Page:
Rachel’s posture toward God brought to mind my early struggles with faith. As a twenty-year-old, considering whether I would remain committed to the Christianity of my childhood, no philosopher raised more important questions than Nietzsche. His claim to see in Christianity an acute poverty was—for me—far more jarring than doubts about God’s existence. Can there be a faith that, while oriented toward transcendence, nourishes a beautiful relationship to this life? Can faith encourage a more meaningful relationship to the everyday?

Rachel’s example suggests yes. To see life as something to be grateful for is not just a matter of enjoying it. It’s to see it as a kind of gratuitous gift: full of wonder and worth. In the opening of Nietzsche’s Ecce Homo we hear him sound the same note. Overflowing with gratitude, he invokes the language of the transcendent: His creative output has been like a visitation of the divine. Nietzsche’s amor fati—the great invitation to say yes to life in all of its details—is just gratitude taken to its logical extreme. There is nothing, neither disease nor death, that ought to prevent a person from affirming the gift of existence.

But perhaps the religious person purchases the gift on the cheap. We might especially think this if the believer’s love of life is parasitic on her hope in an afterlife. This sort of person says, “Today is beautiful becauseit’s not the last.” It turns out that for this person there is at least one thing that would cause them to curse their fate. The absence of a final escape.

Not every person of faith need be an escapist though. Fyodor Dostoevsky and Simone Weil are, for me, important counterexamples. For both, faith has to begin with the dying Christ. For Weil, the moment on the cross when the son seems forsaken by all; for Dostoevsky, the sight of Jesus’s decaying body. The believer lingers here for at least two reasons. First, because it’s only here that the Christian takes seriously the real indictment of human suffering. Even if terrible disease is not sure evidence of God’s absence, it leaves things painfully ambiguous. Second, the Christian who continues to affirm God’s goodness must also continue to feel the weight of this ambiguity. In the absence of any ready and convincing refutation of Ivan’s accusations, the only honest response is solidarity, to suffer alongside the world and for its sake.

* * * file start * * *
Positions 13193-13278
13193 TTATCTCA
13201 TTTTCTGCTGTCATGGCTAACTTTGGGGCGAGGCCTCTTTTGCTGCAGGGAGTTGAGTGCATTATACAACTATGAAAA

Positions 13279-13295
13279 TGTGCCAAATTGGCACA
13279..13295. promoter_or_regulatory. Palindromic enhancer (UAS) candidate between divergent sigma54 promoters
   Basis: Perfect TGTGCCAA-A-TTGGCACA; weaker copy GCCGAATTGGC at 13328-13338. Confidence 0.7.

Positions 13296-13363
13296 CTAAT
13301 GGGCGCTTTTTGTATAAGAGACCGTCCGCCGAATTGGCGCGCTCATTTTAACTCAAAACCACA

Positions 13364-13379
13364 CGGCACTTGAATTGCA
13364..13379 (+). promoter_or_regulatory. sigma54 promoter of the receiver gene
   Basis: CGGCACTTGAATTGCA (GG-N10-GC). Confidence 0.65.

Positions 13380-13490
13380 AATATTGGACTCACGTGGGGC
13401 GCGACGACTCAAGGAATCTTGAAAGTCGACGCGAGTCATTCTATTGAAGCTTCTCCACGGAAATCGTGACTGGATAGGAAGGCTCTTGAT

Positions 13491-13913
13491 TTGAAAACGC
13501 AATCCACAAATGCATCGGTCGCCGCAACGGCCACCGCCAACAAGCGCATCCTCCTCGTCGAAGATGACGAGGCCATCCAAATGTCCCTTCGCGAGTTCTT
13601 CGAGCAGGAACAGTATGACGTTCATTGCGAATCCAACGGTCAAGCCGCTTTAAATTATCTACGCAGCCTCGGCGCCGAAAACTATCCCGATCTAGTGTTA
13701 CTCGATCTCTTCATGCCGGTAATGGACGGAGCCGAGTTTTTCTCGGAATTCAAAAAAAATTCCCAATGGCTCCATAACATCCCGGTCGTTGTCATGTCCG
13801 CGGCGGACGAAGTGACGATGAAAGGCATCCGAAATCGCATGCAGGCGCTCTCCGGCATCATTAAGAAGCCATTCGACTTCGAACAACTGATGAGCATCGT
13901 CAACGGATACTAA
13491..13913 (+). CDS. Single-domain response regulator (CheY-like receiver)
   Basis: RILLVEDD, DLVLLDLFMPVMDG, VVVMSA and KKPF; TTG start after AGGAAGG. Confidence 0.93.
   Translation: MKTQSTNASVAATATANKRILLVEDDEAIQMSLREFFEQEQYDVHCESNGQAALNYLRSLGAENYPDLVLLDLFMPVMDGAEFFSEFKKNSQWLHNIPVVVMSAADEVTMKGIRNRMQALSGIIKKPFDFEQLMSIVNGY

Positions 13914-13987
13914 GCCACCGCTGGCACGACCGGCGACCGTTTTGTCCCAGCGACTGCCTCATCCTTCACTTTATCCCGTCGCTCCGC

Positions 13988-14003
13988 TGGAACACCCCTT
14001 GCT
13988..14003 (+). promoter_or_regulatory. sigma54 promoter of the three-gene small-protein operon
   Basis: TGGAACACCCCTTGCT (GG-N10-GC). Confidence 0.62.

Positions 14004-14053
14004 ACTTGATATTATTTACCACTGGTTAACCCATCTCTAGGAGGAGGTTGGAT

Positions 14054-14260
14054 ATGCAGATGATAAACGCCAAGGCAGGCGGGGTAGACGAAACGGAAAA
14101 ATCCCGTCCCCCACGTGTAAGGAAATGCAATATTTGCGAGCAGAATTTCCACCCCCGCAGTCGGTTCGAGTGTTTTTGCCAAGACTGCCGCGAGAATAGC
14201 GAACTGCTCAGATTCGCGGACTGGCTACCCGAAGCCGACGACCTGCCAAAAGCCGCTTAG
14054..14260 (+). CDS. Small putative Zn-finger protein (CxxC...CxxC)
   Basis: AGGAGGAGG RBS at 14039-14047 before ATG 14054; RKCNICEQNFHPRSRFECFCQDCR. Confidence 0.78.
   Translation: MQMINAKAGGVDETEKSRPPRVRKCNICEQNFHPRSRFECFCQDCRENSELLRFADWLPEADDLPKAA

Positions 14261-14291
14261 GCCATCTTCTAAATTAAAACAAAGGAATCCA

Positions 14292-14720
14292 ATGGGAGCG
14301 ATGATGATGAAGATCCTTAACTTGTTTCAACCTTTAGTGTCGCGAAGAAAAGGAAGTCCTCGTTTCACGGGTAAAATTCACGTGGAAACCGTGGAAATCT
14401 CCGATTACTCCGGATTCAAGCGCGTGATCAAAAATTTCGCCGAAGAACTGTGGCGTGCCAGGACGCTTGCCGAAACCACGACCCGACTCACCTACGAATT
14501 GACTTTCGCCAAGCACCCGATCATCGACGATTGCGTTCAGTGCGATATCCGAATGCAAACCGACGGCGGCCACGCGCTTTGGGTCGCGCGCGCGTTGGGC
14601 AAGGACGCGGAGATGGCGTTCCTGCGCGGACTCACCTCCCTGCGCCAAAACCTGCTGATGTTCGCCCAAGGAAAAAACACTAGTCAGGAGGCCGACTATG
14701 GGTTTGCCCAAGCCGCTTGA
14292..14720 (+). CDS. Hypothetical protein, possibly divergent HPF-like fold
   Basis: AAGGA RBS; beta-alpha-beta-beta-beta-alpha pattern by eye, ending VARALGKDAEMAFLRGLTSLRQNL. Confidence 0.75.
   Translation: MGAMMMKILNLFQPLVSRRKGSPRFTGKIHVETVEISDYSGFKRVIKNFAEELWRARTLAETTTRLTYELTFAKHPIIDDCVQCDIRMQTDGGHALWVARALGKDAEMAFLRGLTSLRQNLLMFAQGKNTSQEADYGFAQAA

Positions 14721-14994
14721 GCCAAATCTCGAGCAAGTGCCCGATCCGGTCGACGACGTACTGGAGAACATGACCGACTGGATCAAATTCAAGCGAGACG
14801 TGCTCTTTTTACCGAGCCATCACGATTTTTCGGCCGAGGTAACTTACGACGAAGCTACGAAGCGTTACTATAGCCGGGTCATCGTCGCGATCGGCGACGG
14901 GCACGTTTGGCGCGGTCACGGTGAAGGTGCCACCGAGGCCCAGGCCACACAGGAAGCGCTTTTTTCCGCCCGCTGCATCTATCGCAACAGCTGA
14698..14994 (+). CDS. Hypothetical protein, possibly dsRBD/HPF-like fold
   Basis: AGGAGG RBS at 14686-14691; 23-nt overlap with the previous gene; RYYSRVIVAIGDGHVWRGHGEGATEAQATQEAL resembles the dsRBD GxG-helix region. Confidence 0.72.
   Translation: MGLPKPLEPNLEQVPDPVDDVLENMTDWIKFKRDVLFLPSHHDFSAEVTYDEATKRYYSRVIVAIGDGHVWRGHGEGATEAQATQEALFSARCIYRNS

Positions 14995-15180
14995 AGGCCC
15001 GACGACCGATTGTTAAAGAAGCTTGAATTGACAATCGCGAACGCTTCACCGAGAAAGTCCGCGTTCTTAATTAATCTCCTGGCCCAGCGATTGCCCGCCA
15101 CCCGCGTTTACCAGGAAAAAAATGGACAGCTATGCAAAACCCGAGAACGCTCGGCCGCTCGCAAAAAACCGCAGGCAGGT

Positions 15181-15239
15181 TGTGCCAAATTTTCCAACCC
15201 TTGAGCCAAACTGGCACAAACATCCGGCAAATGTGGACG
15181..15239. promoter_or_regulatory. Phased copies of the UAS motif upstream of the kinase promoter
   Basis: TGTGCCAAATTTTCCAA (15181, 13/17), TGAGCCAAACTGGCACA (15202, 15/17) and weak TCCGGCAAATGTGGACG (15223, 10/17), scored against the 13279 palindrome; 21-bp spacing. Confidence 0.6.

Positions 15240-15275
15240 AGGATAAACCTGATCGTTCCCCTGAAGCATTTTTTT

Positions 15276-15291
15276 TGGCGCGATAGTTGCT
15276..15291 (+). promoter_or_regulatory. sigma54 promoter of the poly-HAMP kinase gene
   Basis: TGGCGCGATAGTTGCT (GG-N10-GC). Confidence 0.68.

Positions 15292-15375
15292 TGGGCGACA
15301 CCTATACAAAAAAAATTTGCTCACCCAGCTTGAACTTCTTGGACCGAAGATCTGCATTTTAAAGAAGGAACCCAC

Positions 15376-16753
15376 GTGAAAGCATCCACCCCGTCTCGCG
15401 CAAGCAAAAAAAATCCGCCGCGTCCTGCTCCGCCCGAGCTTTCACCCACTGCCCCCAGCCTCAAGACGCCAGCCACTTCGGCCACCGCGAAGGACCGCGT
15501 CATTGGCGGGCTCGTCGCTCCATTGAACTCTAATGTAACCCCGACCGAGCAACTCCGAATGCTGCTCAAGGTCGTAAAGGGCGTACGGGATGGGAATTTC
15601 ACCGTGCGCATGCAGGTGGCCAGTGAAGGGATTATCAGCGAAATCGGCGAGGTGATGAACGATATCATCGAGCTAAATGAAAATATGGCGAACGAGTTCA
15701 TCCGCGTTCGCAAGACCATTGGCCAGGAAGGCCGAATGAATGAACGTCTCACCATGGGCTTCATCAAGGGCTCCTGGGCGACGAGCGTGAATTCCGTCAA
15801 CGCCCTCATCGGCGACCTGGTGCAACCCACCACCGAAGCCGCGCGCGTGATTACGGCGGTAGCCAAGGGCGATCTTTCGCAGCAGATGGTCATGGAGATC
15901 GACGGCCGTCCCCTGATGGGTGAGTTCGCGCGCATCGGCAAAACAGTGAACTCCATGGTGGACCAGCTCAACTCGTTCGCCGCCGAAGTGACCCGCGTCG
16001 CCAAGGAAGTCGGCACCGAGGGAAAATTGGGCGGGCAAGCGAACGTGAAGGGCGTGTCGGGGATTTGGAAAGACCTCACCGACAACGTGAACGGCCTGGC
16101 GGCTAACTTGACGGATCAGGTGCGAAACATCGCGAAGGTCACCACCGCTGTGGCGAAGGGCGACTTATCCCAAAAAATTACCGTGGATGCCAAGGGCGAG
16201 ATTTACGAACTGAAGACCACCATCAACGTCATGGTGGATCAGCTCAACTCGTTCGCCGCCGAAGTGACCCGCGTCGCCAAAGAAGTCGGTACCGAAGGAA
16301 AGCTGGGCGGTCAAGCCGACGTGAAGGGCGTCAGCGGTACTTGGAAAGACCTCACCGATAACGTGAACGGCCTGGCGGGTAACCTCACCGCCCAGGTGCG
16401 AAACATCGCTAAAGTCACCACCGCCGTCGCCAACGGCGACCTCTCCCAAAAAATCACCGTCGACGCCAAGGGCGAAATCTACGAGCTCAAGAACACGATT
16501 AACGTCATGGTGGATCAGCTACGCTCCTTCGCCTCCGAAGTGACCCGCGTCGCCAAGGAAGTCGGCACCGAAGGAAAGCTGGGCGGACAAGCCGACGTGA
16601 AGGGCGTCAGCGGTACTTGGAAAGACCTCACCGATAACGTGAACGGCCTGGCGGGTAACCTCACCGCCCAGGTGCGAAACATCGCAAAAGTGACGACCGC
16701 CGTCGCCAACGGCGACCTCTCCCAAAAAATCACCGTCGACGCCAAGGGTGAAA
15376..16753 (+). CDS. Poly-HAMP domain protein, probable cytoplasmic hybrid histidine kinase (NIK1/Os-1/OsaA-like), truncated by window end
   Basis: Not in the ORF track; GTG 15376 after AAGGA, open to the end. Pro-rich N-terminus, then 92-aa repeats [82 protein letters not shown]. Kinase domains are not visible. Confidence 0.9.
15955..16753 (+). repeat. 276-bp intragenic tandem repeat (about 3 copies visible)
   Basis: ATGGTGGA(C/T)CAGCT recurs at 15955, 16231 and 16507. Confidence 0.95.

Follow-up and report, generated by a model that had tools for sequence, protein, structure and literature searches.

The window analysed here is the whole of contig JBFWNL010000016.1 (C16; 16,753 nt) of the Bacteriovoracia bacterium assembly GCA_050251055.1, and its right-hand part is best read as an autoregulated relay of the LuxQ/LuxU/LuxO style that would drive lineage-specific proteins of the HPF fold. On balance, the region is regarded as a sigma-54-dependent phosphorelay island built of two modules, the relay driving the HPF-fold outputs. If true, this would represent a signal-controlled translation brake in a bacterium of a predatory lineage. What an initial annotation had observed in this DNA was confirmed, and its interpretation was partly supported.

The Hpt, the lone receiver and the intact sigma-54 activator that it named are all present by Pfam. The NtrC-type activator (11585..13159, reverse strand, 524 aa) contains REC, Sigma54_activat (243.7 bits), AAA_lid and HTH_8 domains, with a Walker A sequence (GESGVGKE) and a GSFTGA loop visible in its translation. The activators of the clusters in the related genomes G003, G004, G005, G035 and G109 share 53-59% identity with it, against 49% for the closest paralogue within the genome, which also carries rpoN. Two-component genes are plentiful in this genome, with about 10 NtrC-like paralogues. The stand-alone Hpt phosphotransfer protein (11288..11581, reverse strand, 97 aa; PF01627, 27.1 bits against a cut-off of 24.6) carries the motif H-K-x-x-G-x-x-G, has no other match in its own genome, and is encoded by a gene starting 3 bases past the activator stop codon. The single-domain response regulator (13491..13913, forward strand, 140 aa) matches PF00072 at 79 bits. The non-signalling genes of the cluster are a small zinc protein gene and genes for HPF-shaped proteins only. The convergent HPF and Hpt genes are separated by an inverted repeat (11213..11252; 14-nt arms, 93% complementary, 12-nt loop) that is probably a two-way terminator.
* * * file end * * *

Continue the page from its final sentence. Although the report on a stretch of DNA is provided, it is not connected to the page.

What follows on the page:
With this emphasis on suffering, we may seem miles away from the call to gratitude and affirmation that marked the beginning of our reflection. I don’t think this is right though. As I look back on Rachel’s last years it strikes me that it was precisely her clear-eyed confrontation with suffering that enlarged her sense of gratitude. Her pain taught her, in a way that prosperity never could, that the world was not hers to own. Once the smudge of miserly ownership is washed clean from the world, gratitude can finally shine forth. This is remarkable because it suggests that an honest confrontation with the source of our greatest anxiety may mark the beginning of one of our most important philosophical insights:

“Under no circumstances ever say ‘I have lost something,’ only ‘I returned it.’” (Epictetus, The Enchiridion 11)

About the Author

Ryan teaches philosophy at Wheaton College, though often in local parks. 

His first book was published this year, Reason and Conversion in Kierkegaard and the German IdealistsHe is currently working on two other book-length projects: a monograph about religious life-affirmation in the novels of Marilynne Robinson and an edited volume of essays on Kierkegaard’s Either/Or.